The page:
iLogos Game Studios collaborated with PocketGamer to highlight the economic situation in Ukraine in time of war. Our company shared the details behind the scenes – how we stand, fight and how this situation influences the whole Ukrainian gamedev industry.

Our CBDO Svitlanka Sergiichuk, Board Member and CEO Nikolay Minaiev, and Head of Production Natalia Kuz had spoken about major struggles in the Ukrainian game market working under the pressure. 

Impact of war 

The impact of the war on the game industry’s operation is huge. From day one, each Ukrainian game dev studio had to balance keeping their teams alive and healthy, providing the necessary support to the teams’ families and to members who decided to stay and defend their homes, and making sure projects are not paused and business is moving forward.

During this terrible time for Ukrainians, the war forced businesses to develop plans to serve customers and staff quickly and efficiently. But we were prepared from the beginning when our company only began its path. iLogos was founded in Luhansk in 2006. The situation got worse in 2014 when the Russian invaders came to Donbas for the first time. Since then, the company has worked remotely. As a result, we have grown over time and become global.

“Back in 2014, we managed to relocate 300 game development professionals with their families to safer places. So, we were "lucky" to meet the second war prepared. Our work pipelines have been fully remote for the last eight years and, since the first Russia’s invasion in Donbas, our infrastructure accommodates distributed teams located in 13 countries” — says Svitlanka Sergiichuk

Work changes during the war

There has been a lot of adaptation work, which remains in progress, for the game dev industry, and we are actively cooperating with the other studios to help them adapt. This includes helping them switch to remote-first game production pipelines, establishing their own emergency relocation teams, booking group accommodation in the safer areas of Ukraine or in nearby EU countries, and organizing rotation of their international and Ukrainian teams for backup.

Now we need to protect Ukrainian talents. This is a challenge - our biggest hubs used to be in Kharkiv and Kyiv, and both cities are now under daily bombing. We must also guarantee proper backups for those who cannot work - increasing the capacities with the international teams. Our projects must keep going, the games must keep being developed. We are responsible for the projects of some of the world’s biggest games studios, and we will not allow a slowdown in the industry.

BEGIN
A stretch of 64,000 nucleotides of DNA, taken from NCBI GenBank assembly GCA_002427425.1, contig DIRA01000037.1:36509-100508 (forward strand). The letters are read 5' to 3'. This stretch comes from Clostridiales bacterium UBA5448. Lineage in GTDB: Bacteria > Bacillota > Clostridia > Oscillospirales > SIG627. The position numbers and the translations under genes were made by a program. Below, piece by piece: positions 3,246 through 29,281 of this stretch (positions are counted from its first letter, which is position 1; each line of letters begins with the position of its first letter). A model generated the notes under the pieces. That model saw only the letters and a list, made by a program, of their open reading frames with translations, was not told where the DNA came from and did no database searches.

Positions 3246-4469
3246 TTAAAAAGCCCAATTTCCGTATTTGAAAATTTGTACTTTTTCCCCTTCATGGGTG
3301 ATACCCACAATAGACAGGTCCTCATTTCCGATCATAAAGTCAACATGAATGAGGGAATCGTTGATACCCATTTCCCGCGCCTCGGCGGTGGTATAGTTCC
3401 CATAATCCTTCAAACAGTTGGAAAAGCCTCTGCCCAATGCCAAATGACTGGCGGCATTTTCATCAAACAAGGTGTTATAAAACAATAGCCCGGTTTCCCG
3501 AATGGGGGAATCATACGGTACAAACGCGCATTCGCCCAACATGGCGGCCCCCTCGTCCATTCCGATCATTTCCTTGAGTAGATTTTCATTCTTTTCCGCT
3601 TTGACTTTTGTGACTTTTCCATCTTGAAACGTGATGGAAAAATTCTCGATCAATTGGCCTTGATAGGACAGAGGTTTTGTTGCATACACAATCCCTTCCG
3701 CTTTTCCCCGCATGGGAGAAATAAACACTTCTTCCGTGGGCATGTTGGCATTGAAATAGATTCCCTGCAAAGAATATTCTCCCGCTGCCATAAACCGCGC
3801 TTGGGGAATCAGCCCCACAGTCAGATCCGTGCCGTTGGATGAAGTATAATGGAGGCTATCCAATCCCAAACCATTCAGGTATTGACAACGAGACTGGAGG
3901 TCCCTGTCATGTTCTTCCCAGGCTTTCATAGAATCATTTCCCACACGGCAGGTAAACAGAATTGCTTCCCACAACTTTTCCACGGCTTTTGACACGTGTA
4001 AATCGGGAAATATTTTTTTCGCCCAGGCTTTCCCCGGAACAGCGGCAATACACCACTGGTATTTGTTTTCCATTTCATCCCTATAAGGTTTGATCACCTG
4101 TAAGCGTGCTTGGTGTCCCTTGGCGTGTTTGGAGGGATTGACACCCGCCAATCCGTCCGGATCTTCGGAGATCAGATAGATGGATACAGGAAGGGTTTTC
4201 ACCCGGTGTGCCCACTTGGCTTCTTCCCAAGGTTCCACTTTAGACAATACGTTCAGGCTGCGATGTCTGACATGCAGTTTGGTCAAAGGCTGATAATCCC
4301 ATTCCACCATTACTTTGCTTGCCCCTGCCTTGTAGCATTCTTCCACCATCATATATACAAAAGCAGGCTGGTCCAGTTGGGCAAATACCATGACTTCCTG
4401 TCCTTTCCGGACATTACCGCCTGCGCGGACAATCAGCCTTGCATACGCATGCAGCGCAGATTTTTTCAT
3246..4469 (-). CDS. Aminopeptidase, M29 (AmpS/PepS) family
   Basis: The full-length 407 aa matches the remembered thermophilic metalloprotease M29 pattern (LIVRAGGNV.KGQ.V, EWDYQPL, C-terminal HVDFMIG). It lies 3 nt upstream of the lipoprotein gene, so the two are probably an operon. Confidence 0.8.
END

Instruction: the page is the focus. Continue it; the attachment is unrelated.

"Our key priority right now is keeping the ball rolling. Our projects must keep going, the games must keep being developed. We are responsible for the projects of some of the world’s biggest games studios, and we will not allow a slowdown in the industry" - adds Natalia Kuz


We understand that, at the time of war, it is very hard to concentrate and put the projects together. So we just wish to lead by example and encourage all the other amazing studios from Ukraine to keep going and keep moving forward. The industry needs our talents and Ukraine needs a strong economy backed by the games industry. We do our best to provide everything our teammates need. 


How iLogos organized financial and emotional support

Our finance department has been working 24/7 to quickly serve the emergency financial support requests. Similarly, our international teams have also been working almost 24/7 on production to back up their Ukrainian colleagues who are relocating or temporarily cannot work due to serving in the Ukrainian Armed and Territorial Defense Forces.

Now our relocation and employee support center helps our teams by tracking the safe routes and free roads that are not shelled yet, providing support with transportation and accommodation, and gathering and systemizing all available information about volunteer services to coordinate and provide support across the EU. It even serves as an ad-hoc inquiries board for requests including releasing a cat trapped in an apartment in the bombing epicenter!

We have also temporarily changed the focus of our HR departments to support our existing talent with the necessary wartime resources and information. But, despite the war, we are still continuing to hire new talents to our teams. Although, of course, this process has undergone some changes.

“Working in days of war is a heroic act. We call this a fight, not on the battlefield but on the economical frontline, to keep the country’s economy and game development industry as alive as possible” — comments Nikolay Minaiev

What you can do to help Ukraine

The most important involvement the global games industry can demonstrate is to keep developing games with Ukrainian studios! Most studios are taking huge efforts to establish new hubs in Europe, with most successfully relocated, and are now eager to take over the new projects.

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